My friend, the awesome Tristan Tarwater of Back That Elf Up, has suggested an alternative to NaNoWriMo, for those of us that don’t participate. Her recommendation is, “Every day this month, write a review for/rate/share one piece of media you’ve enjoyed. Book, game, comic, etc.” I have accepted this challenge.
When I saw it on the shelf, I couldn’t resist. With a title like Bitch Planet, it certainly catches the eye. The rest of the cover didn’t hurt, either, a tribute to the exploitation films of the ’70s. The contents didn’t let me down, in fact, they kind of surprised me. There is so much more to this book than a comic, but I’ll get to that in a second.
The story grabbed me immediately. The writting of Kelly Sue DeConnick and the artwork of Valentine De Landro blend into such a pitch perfect tale that is at once a fascinating fiction and a spell cast to dismantle the patriarchy. I was excited to find that it pulled from classic tropes without feeling tired. It’s set in a sort of futuristic, dystopian, uber-patriarchal society and focuses on the inmates of a women’s prison. These women are offered a shot at redemption, but to reach it they have to navigate through a field in which they have been set up for failure at every turn.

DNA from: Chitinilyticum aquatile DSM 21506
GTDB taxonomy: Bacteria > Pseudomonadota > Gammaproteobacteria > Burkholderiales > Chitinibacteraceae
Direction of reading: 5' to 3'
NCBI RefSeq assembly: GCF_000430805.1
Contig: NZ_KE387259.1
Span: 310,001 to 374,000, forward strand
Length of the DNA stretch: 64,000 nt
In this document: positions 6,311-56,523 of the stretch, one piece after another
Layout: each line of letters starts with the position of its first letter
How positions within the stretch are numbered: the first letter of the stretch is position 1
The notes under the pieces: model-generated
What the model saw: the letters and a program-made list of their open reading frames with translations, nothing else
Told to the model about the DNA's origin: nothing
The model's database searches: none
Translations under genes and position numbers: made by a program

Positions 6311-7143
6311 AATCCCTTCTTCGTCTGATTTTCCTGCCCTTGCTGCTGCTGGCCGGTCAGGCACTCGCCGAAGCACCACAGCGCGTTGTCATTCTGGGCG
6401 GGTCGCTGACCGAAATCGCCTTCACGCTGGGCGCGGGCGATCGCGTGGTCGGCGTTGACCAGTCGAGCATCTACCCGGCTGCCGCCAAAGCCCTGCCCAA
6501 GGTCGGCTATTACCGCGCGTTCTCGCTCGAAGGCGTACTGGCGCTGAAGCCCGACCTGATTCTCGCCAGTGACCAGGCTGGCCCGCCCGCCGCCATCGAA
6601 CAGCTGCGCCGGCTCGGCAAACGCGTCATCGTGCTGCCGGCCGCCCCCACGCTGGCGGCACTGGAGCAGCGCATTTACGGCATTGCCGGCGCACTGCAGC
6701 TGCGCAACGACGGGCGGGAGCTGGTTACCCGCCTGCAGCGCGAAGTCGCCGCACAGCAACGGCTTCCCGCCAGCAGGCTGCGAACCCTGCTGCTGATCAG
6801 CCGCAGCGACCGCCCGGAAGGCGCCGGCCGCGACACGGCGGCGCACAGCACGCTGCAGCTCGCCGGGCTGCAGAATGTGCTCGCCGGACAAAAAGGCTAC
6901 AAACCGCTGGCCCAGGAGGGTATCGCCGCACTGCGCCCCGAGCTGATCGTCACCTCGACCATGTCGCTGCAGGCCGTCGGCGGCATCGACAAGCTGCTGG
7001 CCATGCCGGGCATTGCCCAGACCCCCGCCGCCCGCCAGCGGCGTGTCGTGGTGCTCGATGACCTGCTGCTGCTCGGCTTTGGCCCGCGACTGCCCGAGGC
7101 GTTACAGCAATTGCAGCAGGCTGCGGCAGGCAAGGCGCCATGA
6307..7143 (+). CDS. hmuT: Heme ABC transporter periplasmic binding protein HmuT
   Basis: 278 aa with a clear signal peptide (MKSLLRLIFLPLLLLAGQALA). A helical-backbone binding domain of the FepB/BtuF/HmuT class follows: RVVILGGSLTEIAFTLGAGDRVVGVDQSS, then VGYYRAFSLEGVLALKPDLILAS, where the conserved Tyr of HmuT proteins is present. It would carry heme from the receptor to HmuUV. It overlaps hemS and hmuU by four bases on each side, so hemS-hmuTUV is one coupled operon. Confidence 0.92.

A lot of effort has gone into character building. I get the impression this is the part DeConnick is most interested in. She lacks no ideas for writing women that are interesting, empowering and inspiring. For example, between arcs, there are issues that are dedicated as the biography of a character. The first of these focuses on Penny Rolle, a large, powerful, strong, fat, fairly masculine presenting woman of color. Not exactly the most represented person in the media, but one’s who’s voice is so ready to be heard.
With only six issues out so far, I have no idea where this story will go, but I can’t wait to find out. The thing is, the comic isn’t even my favorite part of the comic. It’s the back section – the part that I skip in nearly every other comic.
At the back of each issue, there is an essay. These essays are written by a variety of women, each with a different point to make, all relative to today’s feminist. So far I have enjoyed reading and learned from each one.
And after each essay is the letters column. I think I’m a little in love with every other reader out there. The connection and support I feel with these other readers makes me feel like I’m part of something bigger. I suspect it won’t be long before I join the ranks of those who possess the ‘NC’ tattoo.